WHITTIER, Calif. — For anyone wondering about the state of the Republican Party in California these days, consider this: There may be no Republican candidate for governor or United States senator on the state’s ballot this November.
That dispiriting possibility is beginning to sink in for California Republicans, against the backdrop of a divisive debate among its candidates and leaders on how the embattled party can become competitive again in a state where Ronald Reagan was elected twice as governor and that Richard M. Nixon called home.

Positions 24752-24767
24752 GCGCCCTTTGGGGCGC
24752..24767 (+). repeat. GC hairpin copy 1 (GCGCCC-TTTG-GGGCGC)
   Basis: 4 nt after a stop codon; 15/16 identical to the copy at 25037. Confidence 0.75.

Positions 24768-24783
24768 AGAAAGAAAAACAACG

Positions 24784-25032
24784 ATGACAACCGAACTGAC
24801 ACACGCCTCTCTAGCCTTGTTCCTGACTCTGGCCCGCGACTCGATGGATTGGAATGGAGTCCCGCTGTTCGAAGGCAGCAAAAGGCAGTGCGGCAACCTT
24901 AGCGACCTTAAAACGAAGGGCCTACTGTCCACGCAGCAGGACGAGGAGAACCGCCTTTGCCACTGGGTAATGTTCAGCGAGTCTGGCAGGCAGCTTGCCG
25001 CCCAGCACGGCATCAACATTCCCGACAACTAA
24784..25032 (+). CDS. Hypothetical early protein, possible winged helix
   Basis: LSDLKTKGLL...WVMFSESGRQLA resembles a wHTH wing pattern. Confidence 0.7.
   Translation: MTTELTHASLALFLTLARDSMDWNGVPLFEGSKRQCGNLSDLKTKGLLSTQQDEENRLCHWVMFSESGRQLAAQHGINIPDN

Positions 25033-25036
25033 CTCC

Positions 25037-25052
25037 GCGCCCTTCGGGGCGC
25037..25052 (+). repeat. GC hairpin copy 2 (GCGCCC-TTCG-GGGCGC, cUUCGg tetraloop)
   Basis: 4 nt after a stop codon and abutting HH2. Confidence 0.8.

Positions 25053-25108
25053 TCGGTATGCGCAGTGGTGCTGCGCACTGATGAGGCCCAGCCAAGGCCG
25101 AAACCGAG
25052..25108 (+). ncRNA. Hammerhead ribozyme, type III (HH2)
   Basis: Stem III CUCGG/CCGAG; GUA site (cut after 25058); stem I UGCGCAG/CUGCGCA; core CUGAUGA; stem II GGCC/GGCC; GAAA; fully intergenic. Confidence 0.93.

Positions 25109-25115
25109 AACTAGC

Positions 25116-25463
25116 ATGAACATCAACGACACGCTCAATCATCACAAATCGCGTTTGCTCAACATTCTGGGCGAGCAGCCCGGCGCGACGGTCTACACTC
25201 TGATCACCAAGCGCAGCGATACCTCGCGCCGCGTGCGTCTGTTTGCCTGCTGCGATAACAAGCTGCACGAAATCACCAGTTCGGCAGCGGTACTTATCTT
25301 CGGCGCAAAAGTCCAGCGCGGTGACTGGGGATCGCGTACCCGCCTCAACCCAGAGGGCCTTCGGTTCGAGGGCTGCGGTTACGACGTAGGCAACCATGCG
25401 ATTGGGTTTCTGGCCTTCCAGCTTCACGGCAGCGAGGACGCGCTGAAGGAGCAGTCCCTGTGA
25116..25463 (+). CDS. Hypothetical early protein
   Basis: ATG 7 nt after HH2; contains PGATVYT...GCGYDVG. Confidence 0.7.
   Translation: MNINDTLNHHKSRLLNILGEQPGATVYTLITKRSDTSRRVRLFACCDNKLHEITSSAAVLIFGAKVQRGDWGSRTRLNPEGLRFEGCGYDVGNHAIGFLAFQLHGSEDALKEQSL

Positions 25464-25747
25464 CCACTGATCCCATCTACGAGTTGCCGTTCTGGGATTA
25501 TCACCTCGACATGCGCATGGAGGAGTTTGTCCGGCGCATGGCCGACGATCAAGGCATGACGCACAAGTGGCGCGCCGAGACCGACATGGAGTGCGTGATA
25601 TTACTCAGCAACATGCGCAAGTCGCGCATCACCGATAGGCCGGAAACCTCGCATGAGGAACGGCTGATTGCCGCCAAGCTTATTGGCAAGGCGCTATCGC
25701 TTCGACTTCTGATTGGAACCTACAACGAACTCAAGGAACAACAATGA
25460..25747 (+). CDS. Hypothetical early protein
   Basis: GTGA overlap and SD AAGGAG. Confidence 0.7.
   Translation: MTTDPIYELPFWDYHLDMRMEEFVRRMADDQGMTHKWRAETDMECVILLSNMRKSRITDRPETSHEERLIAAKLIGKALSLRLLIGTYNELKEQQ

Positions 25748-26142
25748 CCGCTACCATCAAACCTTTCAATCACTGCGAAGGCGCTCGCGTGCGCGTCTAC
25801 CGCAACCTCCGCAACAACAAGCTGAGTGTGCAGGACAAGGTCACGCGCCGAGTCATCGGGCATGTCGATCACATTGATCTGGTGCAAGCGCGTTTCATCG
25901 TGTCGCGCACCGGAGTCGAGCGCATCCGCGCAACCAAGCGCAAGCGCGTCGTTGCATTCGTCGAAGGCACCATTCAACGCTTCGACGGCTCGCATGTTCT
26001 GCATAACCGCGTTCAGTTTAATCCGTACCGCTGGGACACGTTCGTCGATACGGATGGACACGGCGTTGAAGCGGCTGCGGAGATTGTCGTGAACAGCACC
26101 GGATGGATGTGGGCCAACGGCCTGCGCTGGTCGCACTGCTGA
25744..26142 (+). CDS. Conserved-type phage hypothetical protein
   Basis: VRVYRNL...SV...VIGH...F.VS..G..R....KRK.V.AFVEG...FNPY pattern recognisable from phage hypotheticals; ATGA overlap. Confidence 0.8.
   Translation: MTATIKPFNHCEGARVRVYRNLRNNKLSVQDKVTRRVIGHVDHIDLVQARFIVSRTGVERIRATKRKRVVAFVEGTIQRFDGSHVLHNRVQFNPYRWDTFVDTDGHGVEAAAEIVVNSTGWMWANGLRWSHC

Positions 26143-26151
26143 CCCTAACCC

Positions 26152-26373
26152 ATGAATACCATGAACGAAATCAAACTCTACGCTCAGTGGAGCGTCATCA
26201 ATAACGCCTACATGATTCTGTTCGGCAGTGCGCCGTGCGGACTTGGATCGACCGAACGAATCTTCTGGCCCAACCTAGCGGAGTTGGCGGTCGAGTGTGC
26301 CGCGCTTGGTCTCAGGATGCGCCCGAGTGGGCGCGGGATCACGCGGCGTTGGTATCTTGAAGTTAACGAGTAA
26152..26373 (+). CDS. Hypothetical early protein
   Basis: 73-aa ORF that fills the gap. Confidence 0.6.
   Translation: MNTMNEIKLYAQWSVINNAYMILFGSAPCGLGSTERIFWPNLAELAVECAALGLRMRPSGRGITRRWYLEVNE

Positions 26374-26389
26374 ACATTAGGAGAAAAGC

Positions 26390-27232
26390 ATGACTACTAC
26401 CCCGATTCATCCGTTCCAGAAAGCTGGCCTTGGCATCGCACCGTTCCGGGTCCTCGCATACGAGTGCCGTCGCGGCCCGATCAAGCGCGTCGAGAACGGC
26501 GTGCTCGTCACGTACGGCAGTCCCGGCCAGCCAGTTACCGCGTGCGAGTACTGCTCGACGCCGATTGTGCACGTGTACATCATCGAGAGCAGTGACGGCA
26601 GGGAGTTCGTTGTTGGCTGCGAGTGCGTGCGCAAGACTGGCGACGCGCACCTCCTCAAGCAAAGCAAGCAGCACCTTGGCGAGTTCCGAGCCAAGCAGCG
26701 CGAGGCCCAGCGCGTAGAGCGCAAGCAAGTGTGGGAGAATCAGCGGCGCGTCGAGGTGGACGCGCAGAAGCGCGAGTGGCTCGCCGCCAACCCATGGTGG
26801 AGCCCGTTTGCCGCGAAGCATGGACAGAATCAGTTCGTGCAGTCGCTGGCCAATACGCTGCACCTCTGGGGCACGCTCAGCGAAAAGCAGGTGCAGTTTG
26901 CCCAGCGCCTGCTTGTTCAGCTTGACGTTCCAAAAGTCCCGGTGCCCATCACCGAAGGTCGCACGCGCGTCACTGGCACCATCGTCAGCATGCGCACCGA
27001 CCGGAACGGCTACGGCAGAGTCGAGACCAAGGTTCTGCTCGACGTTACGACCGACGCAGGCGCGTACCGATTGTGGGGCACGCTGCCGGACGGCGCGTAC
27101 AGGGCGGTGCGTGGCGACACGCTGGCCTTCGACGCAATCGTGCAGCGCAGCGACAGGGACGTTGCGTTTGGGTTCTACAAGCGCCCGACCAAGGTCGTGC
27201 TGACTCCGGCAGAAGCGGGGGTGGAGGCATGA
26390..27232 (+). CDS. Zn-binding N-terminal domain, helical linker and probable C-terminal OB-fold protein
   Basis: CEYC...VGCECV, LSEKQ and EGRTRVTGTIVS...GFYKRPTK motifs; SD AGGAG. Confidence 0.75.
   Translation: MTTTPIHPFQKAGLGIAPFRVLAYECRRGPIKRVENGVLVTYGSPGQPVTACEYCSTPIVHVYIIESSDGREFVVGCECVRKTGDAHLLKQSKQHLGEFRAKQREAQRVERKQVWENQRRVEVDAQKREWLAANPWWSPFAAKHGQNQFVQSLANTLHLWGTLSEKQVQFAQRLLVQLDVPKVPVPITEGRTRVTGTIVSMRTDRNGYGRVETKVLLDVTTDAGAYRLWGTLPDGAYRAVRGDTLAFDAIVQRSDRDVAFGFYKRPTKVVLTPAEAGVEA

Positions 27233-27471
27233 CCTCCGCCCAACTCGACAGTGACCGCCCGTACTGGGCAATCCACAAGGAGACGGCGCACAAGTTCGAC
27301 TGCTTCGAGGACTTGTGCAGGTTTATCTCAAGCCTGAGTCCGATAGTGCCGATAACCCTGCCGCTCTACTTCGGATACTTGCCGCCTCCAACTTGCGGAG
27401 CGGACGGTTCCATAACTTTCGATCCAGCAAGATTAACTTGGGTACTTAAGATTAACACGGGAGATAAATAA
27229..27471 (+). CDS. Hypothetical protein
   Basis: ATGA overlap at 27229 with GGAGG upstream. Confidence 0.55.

It’s no secret the state’s Republican Party has been in a decline for 20 years. Its challenges have been aggravated by the election of President Trump, as he has pushed tougher policies on such issues as immigration and the environment, running up against strong and often bipartisan sentiment in California.
A field of Republican candidates for the United States Senate and governor is struggling against these headwinds as they seek to end a more than 10-year drought and elect a party member to statewide office. Under the California election system, candidates compete in an open, nonpartisan primary on June 5. The two candidates who get the most votes — regardless of party — advance to the November general election.
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